The 2019 Mitsubishi Eclipse Cross may have morphed into a crossover, but the details show Easter eggs of homage to cars no longer with us. The rear taillight bar that cuts through the center of the rear window is my favorite design element on the Cross. When looking through the rearview mirror, the divide in the window reminded me of the signature hoop spoiler on second-gen Eclipses. And the Super All-Wheel Control (S-AWC) developed in the Evolution is offered on the Eclipse Cross.
But how does it drive? Not like a sports car or rally car. Instead, it drives like a CUV. Smooth steering, a ride quality that allows you to feel imperfections on the road, and it’s slightly underpowered. However, the starting MSRP is only $23k, and it does look different than other crossovers currently on the market. Mitsu is crossing its fingers…
STEVEN KURSAR: The 2018 Jeep Wrangler is all-new for this model year. This JL generation was a long time in coming and, yes, it was worth the wait. A soggy and cold (and cold and soggy) Texas Truck Rodeo allowed the new Wrangler Sahara ample opportunity to demonstrate its off-road credibility; driving it up and down the hilly off-road path on the Dripping Springs Ranch was a breeze for the new Wrangler, as you’d expect.
However, it was the on-road drive that both surprised and delighted this driver. The previous JK-generation Wrangler also tackled off-road courses without breaking a sweat, but was loud and rough when driving on pavement. However, the new JL acts like a crossover on city streets and highways. It’s quiet and smooth, something that previous Wranglers never were. You can actually carry on a conversation without shouting, and the suspension doesn’t bounce you out of your seat when going over potholes.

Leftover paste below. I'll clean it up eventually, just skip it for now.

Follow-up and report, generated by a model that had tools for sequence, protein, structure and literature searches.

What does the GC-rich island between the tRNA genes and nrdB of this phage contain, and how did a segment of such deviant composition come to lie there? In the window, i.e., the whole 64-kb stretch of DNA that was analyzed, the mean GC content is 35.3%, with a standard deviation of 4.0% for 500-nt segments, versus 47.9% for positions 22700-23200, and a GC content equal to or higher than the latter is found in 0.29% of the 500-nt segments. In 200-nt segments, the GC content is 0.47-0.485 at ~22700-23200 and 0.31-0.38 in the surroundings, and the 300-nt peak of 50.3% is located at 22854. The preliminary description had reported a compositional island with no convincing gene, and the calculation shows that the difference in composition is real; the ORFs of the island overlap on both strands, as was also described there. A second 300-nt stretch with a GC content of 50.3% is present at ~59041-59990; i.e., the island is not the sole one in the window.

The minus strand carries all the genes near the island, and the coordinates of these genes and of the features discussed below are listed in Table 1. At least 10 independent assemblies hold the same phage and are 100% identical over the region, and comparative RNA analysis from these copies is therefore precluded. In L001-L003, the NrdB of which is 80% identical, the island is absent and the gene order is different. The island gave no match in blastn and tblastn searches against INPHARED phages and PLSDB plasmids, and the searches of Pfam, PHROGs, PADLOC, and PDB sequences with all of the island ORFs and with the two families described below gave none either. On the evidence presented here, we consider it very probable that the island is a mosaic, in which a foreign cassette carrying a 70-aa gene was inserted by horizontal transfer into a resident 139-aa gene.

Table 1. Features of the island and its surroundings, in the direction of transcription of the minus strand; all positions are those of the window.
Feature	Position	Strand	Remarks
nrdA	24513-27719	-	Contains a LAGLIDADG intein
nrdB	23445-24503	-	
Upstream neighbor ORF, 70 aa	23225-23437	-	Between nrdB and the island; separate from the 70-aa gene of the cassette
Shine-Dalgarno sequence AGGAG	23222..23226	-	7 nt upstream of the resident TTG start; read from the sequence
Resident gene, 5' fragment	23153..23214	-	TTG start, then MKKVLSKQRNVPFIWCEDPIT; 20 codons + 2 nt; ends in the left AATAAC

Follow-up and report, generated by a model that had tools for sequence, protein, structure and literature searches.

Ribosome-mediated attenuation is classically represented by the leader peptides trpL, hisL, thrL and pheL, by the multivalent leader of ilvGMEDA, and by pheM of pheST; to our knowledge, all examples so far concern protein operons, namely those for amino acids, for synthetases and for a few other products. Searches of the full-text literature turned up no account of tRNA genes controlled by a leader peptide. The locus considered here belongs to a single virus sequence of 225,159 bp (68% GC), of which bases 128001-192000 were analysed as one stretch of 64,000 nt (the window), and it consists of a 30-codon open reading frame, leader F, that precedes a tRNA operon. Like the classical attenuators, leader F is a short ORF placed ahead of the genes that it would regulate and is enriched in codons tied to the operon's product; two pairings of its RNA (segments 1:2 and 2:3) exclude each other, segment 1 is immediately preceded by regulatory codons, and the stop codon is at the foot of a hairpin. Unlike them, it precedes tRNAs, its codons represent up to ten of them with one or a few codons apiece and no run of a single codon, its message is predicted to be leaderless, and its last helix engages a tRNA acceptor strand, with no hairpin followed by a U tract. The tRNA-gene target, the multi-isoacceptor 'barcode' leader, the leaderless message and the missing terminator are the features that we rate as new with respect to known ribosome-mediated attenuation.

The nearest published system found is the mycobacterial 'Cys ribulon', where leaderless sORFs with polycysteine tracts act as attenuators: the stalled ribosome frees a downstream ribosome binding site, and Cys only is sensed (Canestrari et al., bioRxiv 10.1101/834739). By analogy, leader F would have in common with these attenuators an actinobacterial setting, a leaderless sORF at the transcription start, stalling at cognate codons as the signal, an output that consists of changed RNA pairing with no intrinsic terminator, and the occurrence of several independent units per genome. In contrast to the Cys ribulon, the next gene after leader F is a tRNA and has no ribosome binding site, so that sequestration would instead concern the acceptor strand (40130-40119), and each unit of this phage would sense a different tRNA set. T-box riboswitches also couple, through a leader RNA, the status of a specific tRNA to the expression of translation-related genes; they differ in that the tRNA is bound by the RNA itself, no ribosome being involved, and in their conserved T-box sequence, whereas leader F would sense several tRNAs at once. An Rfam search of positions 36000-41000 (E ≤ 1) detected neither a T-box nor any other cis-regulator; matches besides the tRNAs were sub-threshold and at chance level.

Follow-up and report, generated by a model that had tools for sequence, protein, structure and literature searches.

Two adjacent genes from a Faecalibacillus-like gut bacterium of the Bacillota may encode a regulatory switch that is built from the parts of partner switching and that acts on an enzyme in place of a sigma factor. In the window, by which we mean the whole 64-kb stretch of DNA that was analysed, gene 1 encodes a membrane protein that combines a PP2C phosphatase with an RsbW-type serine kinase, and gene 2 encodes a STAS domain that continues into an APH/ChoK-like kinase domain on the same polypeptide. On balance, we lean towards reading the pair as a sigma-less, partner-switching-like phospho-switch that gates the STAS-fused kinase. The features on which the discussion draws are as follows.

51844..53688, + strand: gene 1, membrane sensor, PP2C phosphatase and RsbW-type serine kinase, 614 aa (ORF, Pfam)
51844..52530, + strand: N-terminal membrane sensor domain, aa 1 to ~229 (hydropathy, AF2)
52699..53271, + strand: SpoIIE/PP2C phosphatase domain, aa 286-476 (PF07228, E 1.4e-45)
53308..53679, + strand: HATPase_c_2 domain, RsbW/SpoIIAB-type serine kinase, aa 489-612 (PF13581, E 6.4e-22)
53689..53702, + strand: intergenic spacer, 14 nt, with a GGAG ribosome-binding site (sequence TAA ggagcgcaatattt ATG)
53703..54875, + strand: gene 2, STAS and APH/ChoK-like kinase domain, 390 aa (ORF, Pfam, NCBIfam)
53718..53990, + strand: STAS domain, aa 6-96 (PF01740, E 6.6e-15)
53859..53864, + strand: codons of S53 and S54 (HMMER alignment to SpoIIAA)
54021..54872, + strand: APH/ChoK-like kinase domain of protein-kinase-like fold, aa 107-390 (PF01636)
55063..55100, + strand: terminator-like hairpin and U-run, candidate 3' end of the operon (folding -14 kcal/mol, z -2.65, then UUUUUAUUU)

The new JL Wrangler is sufficiently refined to attract crossover buyers who want an SUV without the rough handling. This is pretty amazing stuff for a Jeep that can also confidently go where no crossover would ever dare to tread or thread.
DAVID BOLDT: While knowing of Maserati, on some level, since childhood, it was Road & Track’s cover feature – in the late ‘60s – of an already-collectible A6GCS that did the indelible trick. The roadster’s design was minimal to the point of being sparse, and everything in its execution deemed non-essential was left on the garage floor. The visceral, however, had been left in, and fifty years later it is ‘visceral’ – more than anything else – that the early A6GCS shares with today’s Maserati Levante GTS.
That Maserati is building a performance/luxury SUV should surprise no one; among the performance luxury carmakers everyone is – or soon will be – building a performance and/or luxury SUV or crossover. Maserati is doing it now, offering in the Levante a standard turbocharged V6, while exploding our collective brains (and checkbooks) with the available turbocharged – and like the V6, assembled in Maranello – V8. As a guy with a Bernie hat and Beto bumper sticker I don’t want to like this $140K Levante, but reaching back fifty years to that R&T feature I gotta like it. And when pre-owned examples of the V6-equipped Levante get down to around $40K, the purchase of a pre-owned example would be worth some serious *ss and/or head scratching. Until that itch is scratched, I have the memory of a short drive in what is arguably the sportiest sport ute.
[Photos courtesy of Kevin McCauley]